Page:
As for sink strainers, almost everything vegetal now goes into a plastic bag that I keep in a tiny refrigerator on our veranda to make soup stock with - leafy leftovers, onion and shallot and garlic skins, herb stems, everything. I have to deal with leftover fruit bits, which I don't use so often for cooking, but the vegetables just get scooped up and saved.
StCirq is offline  
Old Jun 3rd, 2020, 04:50 AM
  #51  
 
Join Date: Oct 2013
Posts: 7,249
Likes: 0
Received 0 Likes on 0 Posts
Originally Posted by scrb11 View Post
So do you still file a US income tax return?
Yes.
(Quote from StCirq) Filling out the US tax returns is never such a pain that we'd renounce American citizenship. My DH does it most years. I do the French returns, which frankly are equally painful. I have no idea how any of this will change, or if it even will, when I get French citizenship.
It shouldn't change at all.

I keep my American citizenship for several reasons, including the right to vote in federal elections.

Last edited by bvlenci; Jun 3rd, 2020 at 04:56 AM.
bvlenci is offline  
Old Jun 3rd, 2020, 07:50 AM
  #52  
 
Join Date: Jan 2003
Posts: 49,000
Likes: 0
Received 0 Likes on 0 Posts
Me too. Especially now!
StCirq is offline  
Old Jun 3rd, 2020, 09:44 PM
  #53  
 
Join Date: Jan 2003
Posts: 7,930
Likes: 0
Received 0 Likes on 0 Posts
Originally Posted by PatrickLondon View Post
Do you not have a sink strainer?
Funny question!

Of course I have a sink strainer! But those things don't catch everything, do they? Little bits of spinach leaves, tiny spinach stalks, slithery slices of onion, coffee grounds and more all find their way past the holes in the strainer. And when you empty the strainer into the bio or the garbage, again those bits and bobs go wild and end up attached to a corner or edge of the sink, and you wrestle with it again to catch it before it disappears down the drain. I have to use draino or its equivalent about twice a year, and I abhor that.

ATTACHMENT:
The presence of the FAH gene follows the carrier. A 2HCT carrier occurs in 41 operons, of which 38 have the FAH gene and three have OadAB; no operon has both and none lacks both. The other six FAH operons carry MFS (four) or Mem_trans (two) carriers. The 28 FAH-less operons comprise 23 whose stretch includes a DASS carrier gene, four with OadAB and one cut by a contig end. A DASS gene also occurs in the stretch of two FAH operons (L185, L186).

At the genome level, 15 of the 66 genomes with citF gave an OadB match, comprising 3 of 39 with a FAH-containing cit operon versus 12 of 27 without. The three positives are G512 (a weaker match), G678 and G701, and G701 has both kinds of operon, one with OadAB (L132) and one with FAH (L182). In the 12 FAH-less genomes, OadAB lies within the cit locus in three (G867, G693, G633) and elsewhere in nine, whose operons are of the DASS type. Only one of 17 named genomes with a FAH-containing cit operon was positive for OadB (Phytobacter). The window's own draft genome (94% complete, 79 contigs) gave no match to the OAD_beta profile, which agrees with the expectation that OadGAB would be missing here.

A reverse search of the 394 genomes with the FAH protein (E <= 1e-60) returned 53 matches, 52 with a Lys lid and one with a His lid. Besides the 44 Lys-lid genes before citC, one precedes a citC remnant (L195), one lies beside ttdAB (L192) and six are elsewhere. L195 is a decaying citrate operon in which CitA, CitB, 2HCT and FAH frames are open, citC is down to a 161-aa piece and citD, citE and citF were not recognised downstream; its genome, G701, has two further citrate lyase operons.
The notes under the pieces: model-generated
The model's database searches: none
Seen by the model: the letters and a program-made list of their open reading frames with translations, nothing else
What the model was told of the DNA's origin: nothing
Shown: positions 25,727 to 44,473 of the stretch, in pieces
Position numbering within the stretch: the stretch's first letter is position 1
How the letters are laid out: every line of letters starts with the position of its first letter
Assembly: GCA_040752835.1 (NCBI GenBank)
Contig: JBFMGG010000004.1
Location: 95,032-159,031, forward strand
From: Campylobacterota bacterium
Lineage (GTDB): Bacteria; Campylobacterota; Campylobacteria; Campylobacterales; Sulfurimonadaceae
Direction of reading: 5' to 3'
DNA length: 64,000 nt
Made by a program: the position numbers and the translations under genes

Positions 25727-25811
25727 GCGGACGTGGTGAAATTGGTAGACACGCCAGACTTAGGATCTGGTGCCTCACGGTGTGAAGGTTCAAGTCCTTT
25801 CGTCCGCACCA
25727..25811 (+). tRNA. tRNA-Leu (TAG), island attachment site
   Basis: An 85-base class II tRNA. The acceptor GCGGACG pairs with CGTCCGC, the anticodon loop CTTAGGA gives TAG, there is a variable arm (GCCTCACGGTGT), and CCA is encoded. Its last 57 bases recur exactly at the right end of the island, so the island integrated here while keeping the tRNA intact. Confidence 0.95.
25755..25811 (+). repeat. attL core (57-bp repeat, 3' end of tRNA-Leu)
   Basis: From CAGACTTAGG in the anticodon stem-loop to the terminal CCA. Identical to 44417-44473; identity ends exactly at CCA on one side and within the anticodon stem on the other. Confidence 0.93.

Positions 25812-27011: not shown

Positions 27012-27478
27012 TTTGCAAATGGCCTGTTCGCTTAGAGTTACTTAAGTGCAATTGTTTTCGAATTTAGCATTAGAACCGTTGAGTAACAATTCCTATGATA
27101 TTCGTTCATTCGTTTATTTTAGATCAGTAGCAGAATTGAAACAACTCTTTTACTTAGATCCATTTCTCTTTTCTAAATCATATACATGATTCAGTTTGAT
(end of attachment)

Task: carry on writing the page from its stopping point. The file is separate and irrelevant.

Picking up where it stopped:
As for paying utilities... All my pensions are deposited into my American bank. At the beginning of the month, I just use the atm to withdraw cash from that bank and then deposit it into my German Bank. All payments are made automatically from my German bank. Well, I should say that I used to withdraw & transfer by atm -- these days I just transfer money by a wire service like transferwise.

s
swandav2000 is offline  
Old Jun 4th, 2020, 09:33 AM
  #54  
 
Join Date: May 2010
Posts: 3,404
Likes: 0
Received 0 Likes on 0 Posts
Transferwise charges fees.

ATM is free?

scrb11 is online now  
Old Jun 4th, 2020, 09:58 AM
  #55  
 
Join Date: Jan 2003
Posts: 49,000
Likes: 0
Received 0 Likes on 0 Posts
I don't know about bvlenci, but my US credit union charges nothing for overseas wire transfers. My French bank allows me to withdraw five times per month from any ATM not at one of its branches before it imposes any fees. I've never come close to reaching that limit, so I don't know what those charges might be. No fees at all for withdrawing at a branch bank (and they are everywhere in France). I think there's also a small fee for withdrawing more than 1,000 euros in a week, but again, I've never done that. If I DO use a non-branch ATM, there is sometimes a limit - usually 300 euros - for using whatever bank that may be.

Oh, and my US credit union reimburses me for any withdrawals I make using its debit card.

Last edited by StCirq; Jun 4th, 2020 at 10:03 AM.
StCirq is offline  
Old Jun 4th, 2020, 10:01 AM
  #56  
 
Join Date: Feb 2003
Posts: 7,957
Likes: 0
Received 0 Likes on 0 Posts
I’m retired in the UK, and also have my pensions sent to a US bank. Most utility and council tax payments can be done online with my American credit cards, although I also have a card with a British bank. My American credit card has no international transaction fees, and 1.5% cash back on most transactions. That is the card I use most.